Diesel cars will continue to exceed emission limits
With the new real driving emissions test coming into force from September 2017, new diesel cars will still be allowed to exceed the NOx pollution limit by 110 per cent.
In the shadow of the Dieselgate scandal – the revelations of emissions cheating by Volkswagen – EU member states decided on 28 October that new diesel cars will be allowed to continue to exceed the Euro 6 emission limits for many years ahead.
The Euro 6 emission standards apply to all new passenger cars as from September 2014, and set an emission limit for nitrogen oxides (NOx) for diesel cars at 80 milligrams per kilometre (mg/km). But, according to the Commission, in real driving conditions new diesel cars actually emit on average five times more, i.e. around 400 mg/km.
At a meeting of the Technical Committee for Motor Vehicles, member states’ representatives have now agreed that a new real driving emissions (RDE) test will take effect from September 2017 for all newly approved types of diesel cars, and two years later for all new diesel cars.
On top of giving car producers this time delay of several years, the decision also allows for a continued gap between the laboratory test limit value of 80 mg NOx/km and the RDE test limit value. The latter limit value has been referred to as a not-to-exceed (NTE) emission limit.
So in the first step – in line with the dates given above – diesel cars will be allowed to emit 2.1 times the limit value, i.e. 168 mg NOx/km, and in the second step (from January 2020 for new models and January 2021 for all new diesel cars) they will still be allowed to surpass the limit value by 1.5 times, i.e. emissions should be kept below 120 mg NOx/km.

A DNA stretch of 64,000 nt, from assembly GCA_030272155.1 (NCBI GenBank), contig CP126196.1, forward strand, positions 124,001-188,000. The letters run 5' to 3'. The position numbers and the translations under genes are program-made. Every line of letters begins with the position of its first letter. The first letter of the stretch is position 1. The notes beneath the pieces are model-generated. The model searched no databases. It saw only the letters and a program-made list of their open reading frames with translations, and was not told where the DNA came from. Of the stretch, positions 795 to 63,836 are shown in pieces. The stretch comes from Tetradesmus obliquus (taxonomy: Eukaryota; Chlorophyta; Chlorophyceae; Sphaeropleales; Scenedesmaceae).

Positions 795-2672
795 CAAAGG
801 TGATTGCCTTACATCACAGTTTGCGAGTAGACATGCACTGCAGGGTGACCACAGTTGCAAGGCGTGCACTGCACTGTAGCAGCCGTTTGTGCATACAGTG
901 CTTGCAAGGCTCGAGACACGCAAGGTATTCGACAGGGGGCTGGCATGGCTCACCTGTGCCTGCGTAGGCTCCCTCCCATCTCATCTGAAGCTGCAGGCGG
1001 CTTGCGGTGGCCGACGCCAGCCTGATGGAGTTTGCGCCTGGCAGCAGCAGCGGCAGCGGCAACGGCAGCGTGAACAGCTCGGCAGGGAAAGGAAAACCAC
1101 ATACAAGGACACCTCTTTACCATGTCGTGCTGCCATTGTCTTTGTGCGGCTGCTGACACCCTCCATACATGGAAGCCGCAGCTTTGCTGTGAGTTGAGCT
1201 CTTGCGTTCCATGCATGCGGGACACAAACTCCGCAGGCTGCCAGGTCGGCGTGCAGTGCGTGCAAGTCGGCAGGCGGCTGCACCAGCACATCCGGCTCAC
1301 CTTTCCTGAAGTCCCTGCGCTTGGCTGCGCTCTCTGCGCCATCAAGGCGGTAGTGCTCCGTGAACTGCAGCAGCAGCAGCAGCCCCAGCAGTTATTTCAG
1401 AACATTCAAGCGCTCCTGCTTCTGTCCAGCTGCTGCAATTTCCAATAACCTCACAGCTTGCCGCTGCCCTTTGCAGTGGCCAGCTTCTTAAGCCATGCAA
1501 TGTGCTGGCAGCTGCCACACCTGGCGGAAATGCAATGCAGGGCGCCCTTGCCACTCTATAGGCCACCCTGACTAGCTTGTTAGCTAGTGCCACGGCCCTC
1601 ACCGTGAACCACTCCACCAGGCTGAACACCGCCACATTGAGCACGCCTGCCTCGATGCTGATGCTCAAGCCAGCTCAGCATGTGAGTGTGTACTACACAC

It is noticeable that the dates and limits adopted are much more generous to carmakers than those proposed by the Commission, which had suggested “conformity factors” of 1.6 for the first step in 2017 and 1.2 for the second step in 2019.
Just before the Technical Committee meeting, on 27 October, the European Parliament passed by a wide majority a resolution urging the Commission to adopt and put in place the new RDE test cycle without delay and with minimum flexibility, adding that these tests should be widened to include all pollutants.
“This is a scandalous and cynical decision by EU governments,” said Dutch MEP Bas Eickhout from the Green Party. “It shows they are not only keeping their heads in the sand with regard to the ongoing car emissions scandal, but that they are also willing to ignore the major and growing public health problems linked to air pollution. This new test is being marketed as a ‘real driving emissions’ test but it is a sham. It is instead a gift to car manufacturers who have made no effort to meet the EU’s car pollution rules.”
The draft regulation, as adopted by the Technical Committee for Motor Vehicles, has been sent to the European Parliament and the Council for regulatory scrutiny.
Commenting on the agreement, Greg Archer at Transport & Environment (T&E) said: “Citizens will wonder why their governments would rather help carmakers that cheat emissions tests than give them clean air to breathe. This disgraceful and legally questionable decision must be rejected by the European Parliament. It seems governments would rather citizens die as a result of diesel exhaust emissions than require carmakers to fit technology typically costing €100.”
According to T&E, changing EU air pollution legislation by this closed-door ‘comitology’ process is highly questionable legally. The Commission has argued that uncertainties in the testing method justify setting a higher long-term limit, but this could be legally challenged when the decision is scrutinised by the European Parliament, which could reject the proposed limits as going beyond the powers of the Commission and member states.